A church in Illinois is helping to change its local county jail system by bringing their church services to local inmates.

Even though the church has only been holding services in the Jasper County Jail for three months, the employees and inmates of the jail say they have already seen noteworthy progress.

“We have a quieter atmosphere,” Jasper County Sheriff Patrick Williamson told WLFI-TV. “In times past, you would hear banging, kicking, yelling, screaming, but now it’s very quiet. They get along well, they treat staff better, so we have less incidents. It just complements the other things going on in our jail.”

Prior to the jail services being launched, Williamson worked with John Hill, pastor of First Church, on an addiction recovery house for men. After seeing success from that initiative, Hill decided to pursue a bigger ministry program with the Jasper County Jail.

“Our church was really excited just to build bridges with these families, help them connect with our community, help them with employment, and just show them that we care,” Hill said.

“The miracle of that is something to behold,” said Williamson.

The weekly worship services take place on Thursdays. The church brings in sound equipment, chairs, and donuts, while the jail supplies the coffee.

The service is an optional activity for inmates, but around half of the men and women in the jail attend.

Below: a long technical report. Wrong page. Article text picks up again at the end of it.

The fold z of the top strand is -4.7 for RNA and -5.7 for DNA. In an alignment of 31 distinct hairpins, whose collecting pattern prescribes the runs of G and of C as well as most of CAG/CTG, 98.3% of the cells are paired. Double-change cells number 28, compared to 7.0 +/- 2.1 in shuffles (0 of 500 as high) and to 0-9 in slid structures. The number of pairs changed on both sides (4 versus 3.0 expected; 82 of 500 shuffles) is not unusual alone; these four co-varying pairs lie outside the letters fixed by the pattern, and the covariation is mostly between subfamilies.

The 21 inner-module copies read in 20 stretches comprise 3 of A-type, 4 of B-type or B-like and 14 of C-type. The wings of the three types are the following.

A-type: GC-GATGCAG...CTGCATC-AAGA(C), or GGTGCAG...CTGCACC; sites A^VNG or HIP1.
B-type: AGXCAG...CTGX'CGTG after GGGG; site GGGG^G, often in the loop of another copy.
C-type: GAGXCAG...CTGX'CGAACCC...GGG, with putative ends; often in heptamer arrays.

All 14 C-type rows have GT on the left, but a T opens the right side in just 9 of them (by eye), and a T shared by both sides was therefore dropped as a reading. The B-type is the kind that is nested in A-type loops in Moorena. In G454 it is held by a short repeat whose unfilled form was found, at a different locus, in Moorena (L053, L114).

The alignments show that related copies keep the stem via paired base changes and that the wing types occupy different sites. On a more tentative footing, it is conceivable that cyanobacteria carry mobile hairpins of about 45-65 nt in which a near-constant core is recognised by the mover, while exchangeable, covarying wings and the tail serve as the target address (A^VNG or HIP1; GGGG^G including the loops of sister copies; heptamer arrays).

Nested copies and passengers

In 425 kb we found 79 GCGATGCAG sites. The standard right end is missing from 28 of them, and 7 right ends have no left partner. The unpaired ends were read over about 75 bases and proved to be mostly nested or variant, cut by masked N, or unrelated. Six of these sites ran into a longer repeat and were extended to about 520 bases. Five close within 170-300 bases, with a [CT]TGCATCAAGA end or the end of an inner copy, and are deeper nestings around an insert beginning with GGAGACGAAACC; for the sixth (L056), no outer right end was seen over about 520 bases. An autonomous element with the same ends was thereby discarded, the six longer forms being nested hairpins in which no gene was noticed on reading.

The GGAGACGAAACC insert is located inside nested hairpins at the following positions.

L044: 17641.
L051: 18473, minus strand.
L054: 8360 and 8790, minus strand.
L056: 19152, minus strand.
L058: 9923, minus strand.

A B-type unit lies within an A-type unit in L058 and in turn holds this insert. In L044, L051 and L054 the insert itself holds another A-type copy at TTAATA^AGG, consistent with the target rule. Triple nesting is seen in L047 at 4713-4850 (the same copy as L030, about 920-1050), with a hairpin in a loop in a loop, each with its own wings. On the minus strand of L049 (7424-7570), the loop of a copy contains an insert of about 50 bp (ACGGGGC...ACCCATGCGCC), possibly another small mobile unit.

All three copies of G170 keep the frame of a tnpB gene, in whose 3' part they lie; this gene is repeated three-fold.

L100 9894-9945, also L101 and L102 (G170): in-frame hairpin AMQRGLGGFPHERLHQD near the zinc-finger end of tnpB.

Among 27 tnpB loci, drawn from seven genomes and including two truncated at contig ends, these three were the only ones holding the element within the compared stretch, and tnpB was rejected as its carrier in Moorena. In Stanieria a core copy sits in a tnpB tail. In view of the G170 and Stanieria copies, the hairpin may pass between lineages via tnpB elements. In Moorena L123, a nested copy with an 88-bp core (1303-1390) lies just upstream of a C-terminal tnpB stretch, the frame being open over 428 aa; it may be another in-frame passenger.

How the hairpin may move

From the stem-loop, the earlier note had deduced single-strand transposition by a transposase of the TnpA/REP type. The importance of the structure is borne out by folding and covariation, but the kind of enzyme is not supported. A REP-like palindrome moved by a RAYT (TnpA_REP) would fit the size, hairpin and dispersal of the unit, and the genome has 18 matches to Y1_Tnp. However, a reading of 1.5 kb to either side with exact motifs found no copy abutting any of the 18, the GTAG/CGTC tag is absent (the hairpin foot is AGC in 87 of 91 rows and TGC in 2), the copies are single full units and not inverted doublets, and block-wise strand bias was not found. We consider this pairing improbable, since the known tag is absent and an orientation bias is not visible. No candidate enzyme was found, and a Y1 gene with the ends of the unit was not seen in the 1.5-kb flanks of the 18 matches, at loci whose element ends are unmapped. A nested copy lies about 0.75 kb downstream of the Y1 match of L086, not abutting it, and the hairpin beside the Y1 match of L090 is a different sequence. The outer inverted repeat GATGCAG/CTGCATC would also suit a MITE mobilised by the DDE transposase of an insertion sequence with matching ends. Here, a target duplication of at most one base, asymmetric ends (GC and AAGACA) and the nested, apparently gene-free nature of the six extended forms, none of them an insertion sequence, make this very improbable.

Anthony Gann, who was arrested in March for drug-use, told WLFI-TV he appreciates the positive impact the services are having on the jail community.

“It’s awesome to get to have that real church experience while we are in here doing our time,” Gann said. “Some of the best guys I know are in here.”

He added that while they previously had a Bible study, “it’s awesome to get to have that real church experience while we are in here doing our time.”

Gann, who says he plans to join First Church when he’s released in September, noted he wants to stay on the right path, as well as pursue his love of music.

In a video shared to Facebook in May, Gann could be seen leading worship amongst his fellow inmates. He sang the hymn “Amazing Grace.”

“Don’t give up on us,” said Gann. “Just because we wear these clothes doesn’t mean we are bad people. We just made some dumb decisions.”

There is a palpable change sweeping through county jail, from the corrections officers down to the inmates.

“The corrections officers,” Hill said, “have talked about how the entire culture of the jail has shifted. The inmates are caring for one another and actually thinking about life beyond bars.”

Not only are the inmates attending church services, but they are dedicating their lives to Christ.

Senator Admits Christian Ministry Doing Better Job Than Government at Keeping People Out of Prison

In a video shared to Facebook in May, five men and four women in the Jasper County Jail were baptized by First Church.

“I believe that Jesus is the only hope in the world,” the pastor said. “I think we live in a society that is so quick to condemn people, but Jesus was so quick to give people second chances.”


  1. The city of St. Louis needs to start this. Actually all jails. It is optional for the inmates but it is a benefit for those who choose to go and as the article says, it improved the overall climate of the prison


Please enter your comment!
Please enter your name here